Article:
Special Mission Helicopters
Helicopters excel at niche applications by tailoring them to particular missions. Here are some examples of specialized helicopter types and their roles:
Air Ambulance Helicopters
Air ambulances like the Bell 429 or Airbus H145 rapidly transport patients requiring urgent medical care. They are equipped with stretchers, medical supplies and life support systems to bring critical care facilities directly to the scene.
Helicopters like the Mil Mi-8 and Sikorsky S-64 Air Crane carry large 3600+ liter water tanks or buckets to combat wildfires. Their ability to accurately drop water across vast and rugged areas is invaluable for quick containment of forest and brush fires.
Search and Rescue Helicopters
Dedicated SAR helicopters like the Sikorsky S-92 and Leonardo AW109 excel at locating and retrieving people in even the most harsh conditions. They utilize radars, FLIR cameras, hoists and cargo hooks to retrieve distressed people day or night, far from bases.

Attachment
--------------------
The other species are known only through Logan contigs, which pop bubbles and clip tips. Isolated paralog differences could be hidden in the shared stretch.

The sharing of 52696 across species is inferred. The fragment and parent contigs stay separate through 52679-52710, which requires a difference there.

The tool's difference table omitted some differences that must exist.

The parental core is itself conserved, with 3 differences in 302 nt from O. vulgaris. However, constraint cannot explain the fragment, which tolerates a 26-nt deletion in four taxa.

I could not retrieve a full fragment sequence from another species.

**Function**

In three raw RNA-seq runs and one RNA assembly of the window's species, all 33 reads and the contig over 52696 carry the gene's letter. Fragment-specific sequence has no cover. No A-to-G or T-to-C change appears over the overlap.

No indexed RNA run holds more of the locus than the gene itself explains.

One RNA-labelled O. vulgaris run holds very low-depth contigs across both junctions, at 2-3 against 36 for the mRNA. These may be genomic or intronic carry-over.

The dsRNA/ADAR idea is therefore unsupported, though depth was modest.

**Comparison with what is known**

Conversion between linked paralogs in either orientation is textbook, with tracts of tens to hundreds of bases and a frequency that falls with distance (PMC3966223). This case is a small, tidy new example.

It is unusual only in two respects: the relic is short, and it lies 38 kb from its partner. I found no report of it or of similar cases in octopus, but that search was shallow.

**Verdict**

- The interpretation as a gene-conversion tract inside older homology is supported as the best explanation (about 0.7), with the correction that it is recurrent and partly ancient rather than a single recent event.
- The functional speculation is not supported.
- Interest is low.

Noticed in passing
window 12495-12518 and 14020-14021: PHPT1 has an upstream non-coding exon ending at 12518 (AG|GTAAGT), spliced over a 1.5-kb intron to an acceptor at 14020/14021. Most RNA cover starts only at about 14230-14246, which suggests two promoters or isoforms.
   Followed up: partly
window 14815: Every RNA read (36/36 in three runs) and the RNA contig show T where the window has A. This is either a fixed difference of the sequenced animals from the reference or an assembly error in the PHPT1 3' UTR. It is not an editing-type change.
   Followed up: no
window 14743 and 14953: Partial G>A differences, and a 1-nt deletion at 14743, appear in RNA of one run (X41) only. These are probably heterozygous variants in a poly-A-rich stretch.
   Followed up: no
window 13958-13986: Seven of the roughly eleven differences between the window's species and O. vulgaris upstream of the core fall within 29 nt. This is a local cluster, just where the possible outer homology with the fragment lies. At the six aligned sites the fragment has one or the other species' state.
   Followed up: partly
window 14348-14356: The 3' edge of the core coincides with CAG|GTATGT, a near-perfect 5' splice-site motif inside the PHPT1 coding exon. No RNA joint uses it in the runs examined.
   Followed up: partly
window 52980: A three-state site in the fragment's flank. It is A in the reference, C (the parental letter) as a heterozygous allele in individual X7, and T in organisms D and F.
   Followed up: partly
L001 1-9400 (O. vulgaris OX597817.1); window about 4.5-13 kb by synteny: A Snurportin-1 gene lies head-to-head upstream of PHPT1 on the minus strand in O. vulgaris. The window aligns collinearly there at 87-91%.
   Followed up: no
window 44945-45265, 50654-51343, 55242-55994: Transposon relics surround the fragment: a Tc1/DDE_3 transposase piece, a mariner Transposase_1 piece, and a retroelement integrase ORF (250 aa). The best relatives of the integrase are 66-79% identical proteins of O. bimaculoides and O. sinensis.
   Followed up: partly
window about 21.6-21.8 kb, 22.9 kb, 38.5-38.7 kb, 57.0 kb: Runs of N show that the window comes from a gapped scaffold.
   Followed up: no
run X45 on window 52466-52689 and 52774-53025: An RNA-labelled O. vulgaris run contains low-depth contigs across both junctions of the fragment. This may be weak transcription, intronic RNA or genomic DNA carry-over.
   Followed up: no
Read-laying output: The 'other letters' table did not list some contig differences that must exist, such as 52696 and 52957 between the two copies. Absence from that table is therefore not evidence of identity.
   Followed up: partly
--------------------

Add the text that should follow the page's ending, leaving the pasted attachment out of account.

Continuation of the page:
Police helicopters provide aerial surveillance and support during critical incidents and pursuits. Models like the Bell 206 and Airbus H120 increase situational awareness and help coordinate ground units across a wide area.
Electronic News Gathering Helicopters
ENG helicopters such as the Bell 206 JetRanger and Airbus AS350 B2/B3 "Starship" enable journalists to capture aerial footage of news events as they unfold. Their stability and aerial visibility helps obtain compelling videos and images.
Offshore helicopters like the Sikorsky S-92 transport crews to and from installations like oil rigs situated far from shore. They enable quick crew changes and deliver supplies to remote offshore platforms.